Texas Court Grants Preliminary Injunction Blocking FTC’s Noncompete Ban

Cooley alert
July 10, 2024

On July 3, 2024, the US District Court for the Northern District of Texas issued an order temporarily enjoining the Federal Trade Commission (FTC) from implementing or enforcing its rule banning nearly all post-employment noncompete agreements. The court held that the rule “makes unenforceable long-standing contractual agreements that have been judicially recognized as lawful and beneficial to the public interest.” While it’s a significant initial victory for opponents of the rule, the injunction applies only to the five plaintiffs in the case. Therefore, absent a superseding ruling, all other employers using noncompete agreements still will be subject to the ban on the effective date of the rule, September 4, 2024.

As we reported in April 2024, the FTC’s rule banned all future noncompete agreements with workers and rendered unenforceable virtually all existing noncompetes, with limited exception. As rationale for its sweeping rule, the agency stated that noncompetes constitute an unfair method of competition, which violates the FTC Act. After the FTC issued its rule, several plaintiffs’ groups, including Ryan LLC, a tax services and software provider, filed suit seeking to block the rule’s enforcement.

Decision in Ryan LLC v. Federal Trade Commission

In the first filed case challenging the FTC rule, the court agreed with the plaintiffs, finding that they met all the requirements for issuing a preliminary injunction, including that:

  1. The plaintiffs are likely to succeed on the merits.
  2. Irreparable harm will result without the issuance of injunctive relief.
  3. The balance of harms and public interest weigh in favor of granting injunctive relief.

Significantly, on the first requirement, the court found that the FTC rule is likely unlawful, because the agency lacks substantive rulemaking authority with respect to unfair methods of competition under the FTC Act. The court explained that while the FTC has “some authority” to promulgate rules to preclude unfair methods of competition, it lacks authority to create substantive rules under this method. Instead, the court explained that Section 6(g) of the FTC Act (through which the agency promulgated the ban), is merely a “housekeeping statute” and only authorizes “rules of agency organization, procedure or practice” as opposed to “substantive rules.”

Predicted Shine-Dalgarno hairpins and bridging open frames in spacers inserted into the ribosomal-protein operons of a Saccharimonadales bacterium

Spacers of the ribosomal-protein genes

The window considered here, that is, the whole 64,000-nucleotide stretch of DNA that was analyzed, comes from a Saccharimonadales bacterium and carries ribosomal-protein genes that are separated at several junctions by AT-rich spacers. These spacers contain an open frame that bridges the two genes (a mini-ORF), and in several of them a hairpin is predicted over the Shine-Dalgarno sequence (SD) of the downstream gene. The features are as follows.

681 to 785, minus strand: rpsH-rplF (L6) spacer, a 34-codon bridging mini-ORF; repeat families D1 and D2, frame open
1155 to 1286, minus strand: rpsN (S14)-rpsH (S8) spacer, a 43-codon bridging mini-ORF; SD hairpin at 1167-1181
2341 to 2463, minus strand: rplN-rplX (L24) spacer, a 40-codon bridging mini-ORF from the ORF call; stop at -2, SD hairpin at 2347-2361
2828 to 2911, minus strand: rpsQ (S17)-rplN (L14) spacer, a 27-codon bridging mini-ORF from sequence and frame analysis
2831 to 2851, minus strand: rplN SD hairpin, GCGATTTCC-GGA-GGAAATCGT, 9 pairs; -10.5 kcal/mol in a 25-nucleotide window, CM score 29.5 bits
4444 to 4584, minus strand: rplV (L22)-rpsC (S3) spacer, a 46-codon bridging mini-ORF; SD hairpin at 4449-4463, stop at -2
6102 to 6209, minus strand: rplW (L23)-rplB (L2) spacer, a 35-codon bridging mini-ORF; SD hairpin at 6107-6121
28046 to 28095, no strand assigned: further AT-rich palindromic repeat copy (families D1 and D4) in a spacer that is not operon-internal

The court also held that the categorical ban on virtually all noncompetes would be arbitrary and capricious, because the agency’s evidence does not warrant such an expansive ban – and because it failed to adequately consider other exceptions or alternatives to the ban. The court stated that the ban is “unreasonably overbroad without a reasonable explanation. It imposes a one-size-fits-all approach with no end date, which fails to establish a ‘rational connection between the facts found and the choice made.’” The court also rejected the FTC’s “evidence” in support of a ban, declaring that it only relied on a handful of studies examining the economic effect of various state noncompete policies, despite the fact that “no state has ever enacted a non-compete rule as broad as the [FTC rule].” The court also found that the FTC insufficiently addressed alternatives to a ban, because it “dismissed any possible alternatives, merely concluding that either the pro-competitive justifications outweighed the harms, or that employers had other avenues to protect their interests.”

What’s next?

As noted, the court did not issue a nationwide injunction or extend the ruling to the US Chamber of Commerce’s members, or members of the other plaintiff entities. However, in making these holdings, the court stated that the plaintiffs had “offered virtually no briefing” supporting nationwide injunctive relief, nor did the plaintiff-intervenors appear to seek associational standing on behalf of their respective member entities, or brief associational standing. While the court refused to extend the scope of the injunction, it promised to enter a merits disposition on the case on or before August 30, 2024, which is five days before the FTC rule’s effective date. It is possible that, in the interim, the parties may submit further briefing on these issues in support of a broader permanent injunction order. In the meantime, employers should keep a close eye on another legal challenge to the rule, filed in federal court in Pennsylvania. In ATS Tree Services LLC v. Federal Trade Commission, the court is expected to issue a decision on the plaintiff’s motion for preliminary injunction by July 23, 2024.

Uncertainty remains on the future of the rule, and employers should watch for developments in this area in the immediate future. Companies should continue to take steps now – including identifying employees subject to existing noncompete agreements – while legal challenges continue.

Cooley’s employment team will continue to follow developments relating to the FTC rule. If you’re an employer with questions about the use of restrictive covenants, contact your Cooley employment lawyer or one of the lawyers listed below.

To learn more, check out Cooley’s FTC Noncompete Ban Resources page and our What to Know About the FTC’s Noncompete Ban on-demand webinar.

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